The Social Security Trustees have released their annual report on the current and projected financial status of the Social Security trust funds. Similar to 2013, the 2014 findings show that Social Security is fully solvent until 2033, but faces a moderate long-term shortfall. In 2013, Social Security took in roughly $32 billion more than it paid out. Its reserves were $2.76 trillion in 2013, and are projected to grow to $2.9 trillion at the beginning of 2020. If Congress does not act before 2033, the reserves would be drawn down, and revenue coming into the Trust Funds would cover about 77 percent of scheduled benefits. The 2014 Trustees Report also continues to project that the Disability Insurance (DI) trust fund by itself can pay all scheduled benefits until 2016. If Congress takes no action before 2016, the Trustees project that the DI trust fund will be able to pay about 81 percent of scheduled benefits.
As noted by the Center on Budget and Policy Priorities (CBPP) and the National Academy of Social Insurance, the long-term growth in DI has been predicted since the mid-1990s and is largely due to demographic factors. The U.S. population and the number of workers insured for DI (particularly, women) have grown over the last several decades, and the baby boomers are now in their high disability years.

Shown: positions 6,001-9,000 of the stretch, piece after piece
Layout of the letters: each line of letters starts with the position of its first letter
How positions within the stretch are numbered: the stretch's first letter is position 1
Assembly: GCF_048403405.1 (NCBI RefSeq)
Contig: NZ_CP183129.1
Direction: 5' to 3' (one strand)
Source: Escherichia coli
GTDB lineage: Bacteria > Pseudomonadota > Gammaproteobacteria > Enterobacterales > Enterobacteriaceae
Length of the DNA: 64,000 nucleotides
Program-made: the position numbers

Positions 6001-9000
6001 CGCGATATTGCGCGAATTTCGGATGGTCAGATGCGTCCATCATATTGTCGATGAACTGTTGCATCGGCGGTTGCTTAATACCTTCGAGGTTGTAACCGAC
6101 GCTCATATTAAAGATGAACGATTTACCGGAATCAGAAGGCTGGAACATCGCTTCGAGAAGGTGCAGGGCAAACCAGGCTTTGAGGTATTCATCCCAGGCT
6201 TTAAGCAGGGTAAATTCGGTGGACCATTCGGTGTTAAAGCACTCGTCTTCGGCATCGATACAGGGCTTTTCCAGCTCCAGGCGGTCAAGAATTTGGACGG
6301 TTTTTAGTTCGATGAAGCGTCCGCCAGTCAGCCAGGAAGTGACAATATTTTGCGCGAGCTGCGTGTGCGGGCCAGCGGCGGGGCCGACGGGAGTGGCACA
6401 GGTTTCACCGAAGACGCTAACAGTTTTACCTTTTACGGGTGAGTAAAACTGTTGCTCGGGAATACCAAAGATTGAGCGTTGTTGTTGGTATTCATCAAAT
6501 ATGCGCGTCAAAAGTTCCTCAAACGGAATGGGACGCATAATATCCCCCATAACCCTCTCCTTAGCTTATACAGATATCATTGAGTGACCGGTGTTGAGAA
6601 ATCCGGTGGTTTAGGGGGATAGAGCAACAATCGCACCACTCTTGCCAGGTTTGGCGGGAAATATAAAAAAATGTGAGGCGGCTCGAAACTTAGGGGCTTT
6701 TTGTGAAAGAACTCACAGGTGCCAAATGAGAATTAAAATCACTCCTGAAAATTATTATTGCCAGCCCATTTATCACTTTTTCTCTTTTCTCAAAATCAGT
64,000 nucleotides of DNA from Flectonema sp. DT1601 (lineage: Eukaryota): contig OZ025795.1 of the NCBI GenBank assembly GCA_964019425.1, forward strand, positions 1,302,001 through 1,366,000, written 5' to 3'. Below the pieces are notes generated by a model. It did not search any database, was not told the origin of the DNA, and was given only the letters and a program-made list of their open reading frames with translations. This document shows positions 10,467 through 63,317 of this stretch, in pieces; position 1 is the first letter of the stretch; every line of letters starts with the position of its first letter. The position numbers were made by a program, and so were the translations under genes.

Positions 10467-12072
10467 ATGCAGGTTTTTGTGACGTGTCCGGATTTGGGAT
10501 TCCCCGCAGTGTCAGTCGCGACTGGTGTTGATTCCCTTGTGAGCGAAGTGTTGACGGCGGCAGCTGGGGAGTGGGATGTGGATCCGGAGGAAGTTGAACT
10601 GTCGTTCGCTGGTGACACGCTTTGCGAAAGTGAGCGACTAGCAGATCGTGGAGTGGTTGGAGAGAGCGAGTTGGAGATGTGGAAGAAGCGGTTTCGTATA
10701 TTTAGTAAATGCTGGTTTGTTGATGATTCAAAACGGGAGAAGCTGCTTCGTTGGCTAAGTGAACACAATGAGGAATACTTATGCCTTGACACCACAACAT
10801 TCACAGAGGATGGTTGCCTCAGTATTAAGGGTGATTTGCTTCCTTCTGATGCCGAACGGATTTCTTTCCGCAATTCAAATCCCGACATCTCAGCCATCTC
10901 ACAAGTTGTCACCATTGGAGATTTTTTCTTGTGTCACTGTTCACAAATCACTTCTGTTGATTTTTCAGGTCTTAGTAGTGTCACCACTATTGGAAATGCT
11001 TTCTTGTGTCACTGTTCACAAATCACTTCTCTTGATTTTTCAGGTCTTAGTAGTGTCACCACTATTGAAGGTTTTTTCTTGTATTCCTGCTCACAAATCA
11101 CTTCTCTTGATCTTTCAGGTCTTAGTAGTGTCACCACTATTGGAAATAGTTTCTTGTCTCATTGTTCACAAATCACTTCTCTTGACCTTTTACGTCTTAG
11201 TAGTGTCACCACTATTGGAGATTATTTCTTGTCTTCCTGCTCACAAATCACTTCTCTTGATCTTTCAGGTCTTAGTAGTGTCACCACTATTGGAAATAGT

Traditionally, Congress has reallocated payroll tax revenues between the OASI and DI trust funds to address projected shortfalls. According to the Social Security Chief Actuary as summarized by the CBPP, a modest reallocation of the total OASDI payroll tax, enacted prior to 2016, would allow both programs to pay full scheduled benefits through 2033 — their current combined depletion date. After that, modest increases in revenue can ensure the long-term solvency of the Social Security system for generations to come.
The Arc strongly supports these types of adjustments to ensure the short- and long-term solvency of the trust funds, so that Social Security can remain a lifeline for people with disabilities and their families for generations.